This Changed My Teaching

Why does my student seem disengaged? A perspective on learner engagement in new environments

I wondered why new learners just transitioning to new clinical experiences sometimes seemed hesitant to participate and thus appeared less engaged in clinics and journal clubs. I found that some learners would jump in and take part in conversations, discussions, and even engaging with patients.

Why Am I Talking?

Deborah Altow MD (biography and disclosures) No disclosures. What I did before Like many teachers, I was seduced by the imperative to make sure my students gained the benefit of my experience, and thus I talked too much. I had always told my students that the two 4-letter words they needed most were KIND and […]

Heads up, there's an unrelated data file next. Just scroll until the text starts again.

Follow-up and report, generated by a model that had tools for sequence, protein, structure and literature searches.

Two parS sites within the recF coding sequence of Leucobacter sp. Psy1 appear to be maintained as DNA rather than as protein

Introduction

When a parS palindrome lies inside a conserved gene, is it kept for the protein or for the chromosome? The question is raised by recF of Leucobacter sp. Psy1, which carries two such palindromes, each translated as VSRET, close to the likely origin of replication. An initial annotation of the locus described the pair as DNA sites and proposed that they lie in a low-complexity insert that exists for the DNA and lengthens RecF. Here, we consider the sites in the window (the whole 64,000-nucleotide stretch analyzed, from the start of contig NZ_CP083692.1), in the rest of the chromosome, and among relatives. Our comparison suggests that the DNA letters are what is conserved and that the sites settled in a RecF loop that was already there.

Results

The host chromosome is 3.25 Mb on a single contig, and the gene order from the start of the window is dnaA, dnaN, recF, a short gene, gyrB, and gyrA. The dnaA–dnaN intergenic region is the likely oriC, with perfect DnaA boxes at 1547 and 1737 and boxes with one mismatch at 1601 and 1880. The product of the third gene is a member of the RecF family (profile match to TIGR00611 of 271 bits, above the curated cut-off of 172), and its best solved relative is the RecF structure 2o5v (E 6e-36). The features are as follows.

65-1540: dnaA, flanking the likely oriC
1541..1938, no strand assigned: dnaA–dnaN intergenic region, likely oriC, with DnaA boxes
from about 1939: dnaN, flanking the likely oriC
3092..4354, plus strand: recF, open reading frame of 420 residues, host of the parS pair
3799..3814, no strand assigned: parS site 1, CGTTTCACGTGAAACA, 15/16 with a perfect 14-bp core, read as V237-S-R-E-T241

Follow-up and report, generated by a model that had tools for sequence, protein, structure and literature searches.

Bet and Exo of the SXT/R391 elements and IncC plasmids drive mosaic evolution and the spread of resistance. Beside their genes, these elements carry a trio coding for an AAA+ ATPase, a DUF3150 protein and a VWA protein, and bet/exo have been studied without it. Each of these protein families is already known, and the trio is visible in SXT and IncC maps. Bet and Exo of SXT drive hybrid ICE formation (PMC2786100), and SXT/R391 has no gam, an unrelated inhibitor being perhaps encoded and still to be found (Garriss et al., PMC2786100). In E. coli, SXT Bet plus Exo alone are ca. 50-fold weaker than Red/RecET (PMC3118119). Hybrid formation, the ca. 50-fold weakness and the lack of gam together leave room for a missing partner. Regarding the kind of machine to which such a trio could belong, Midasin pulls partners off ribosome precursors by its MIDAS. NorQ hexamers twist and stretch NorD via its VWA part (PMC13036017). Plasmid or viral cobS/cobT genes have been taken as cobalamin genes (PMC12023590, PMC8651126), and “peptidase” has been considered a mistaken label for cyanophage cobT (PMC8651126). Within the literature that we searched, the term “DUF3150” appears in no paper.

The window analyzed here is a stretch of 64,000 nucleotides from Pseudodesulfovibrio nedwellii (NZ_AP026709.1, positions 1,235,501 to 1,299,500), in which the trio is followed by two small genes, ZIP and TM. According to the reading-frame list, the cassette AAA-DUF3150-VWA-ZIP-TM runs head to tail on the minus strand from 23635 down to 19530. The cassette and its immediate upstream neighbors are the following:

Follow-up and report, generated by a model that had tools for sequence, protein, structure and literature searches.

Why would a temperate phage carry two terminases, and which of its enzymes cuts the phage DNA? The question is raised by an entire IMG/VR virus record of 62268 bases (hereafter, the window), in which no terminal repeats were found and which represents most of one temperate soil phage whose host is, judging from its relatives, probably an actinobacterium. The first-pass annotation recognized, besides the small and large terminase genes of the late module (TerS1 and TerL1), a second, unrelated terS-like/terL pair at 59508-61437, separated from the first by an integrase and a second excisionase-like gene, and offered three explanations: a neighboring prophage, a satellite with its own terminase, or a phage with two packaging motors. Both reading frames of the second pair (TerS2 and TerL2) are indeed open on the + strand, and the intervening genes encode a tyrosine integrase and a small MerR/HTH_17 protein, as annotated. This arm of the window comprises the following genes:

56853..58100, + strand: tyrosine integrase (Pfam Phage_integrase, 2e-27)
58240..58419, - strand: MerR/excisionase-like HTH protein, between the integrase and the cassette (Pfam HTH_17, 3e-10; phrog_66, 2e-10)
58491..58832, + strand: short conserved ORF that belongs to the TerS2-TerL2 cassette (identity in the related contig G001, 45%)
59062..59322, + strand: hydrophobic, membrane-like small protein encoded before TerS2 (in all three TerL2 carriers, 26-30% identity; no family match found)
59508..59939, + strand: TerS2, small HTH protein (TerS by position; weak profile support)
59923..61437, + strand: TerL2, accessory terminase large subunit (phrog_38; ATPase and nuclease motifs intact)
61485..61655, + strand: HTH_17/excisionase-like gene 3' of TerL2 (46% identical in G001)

Stuck in Transmission: Time to Change Gears

In the past I followed a tried and tested format for classroom lecturing ‘Tell them what you are going to tell them’ (a set of well-written educational objectives), ‘tell them what you want to tell them’ (no shortage of instructional papers on how to develop a good PowerPoint presentation) and finally ‘tell them what you have told them’ (a concise summary).

The Importance of Words in Clinical Teaching

Before this incident in the emergency room, I had no established teaching practice that focused consciously on checking the veracity of a trainees’ use and understanding of medical terminology. This challenged my assumption that the medical student comprehended such composite terms accurately.

Going Experiential

An ongoing problem with student supervision in the clinical setting is managing the expectations of Clinical supervisors. Frequently, clinical supervisors are clinicians with many years of experience in their specialty, who have not been practicing at “entry level” for some time.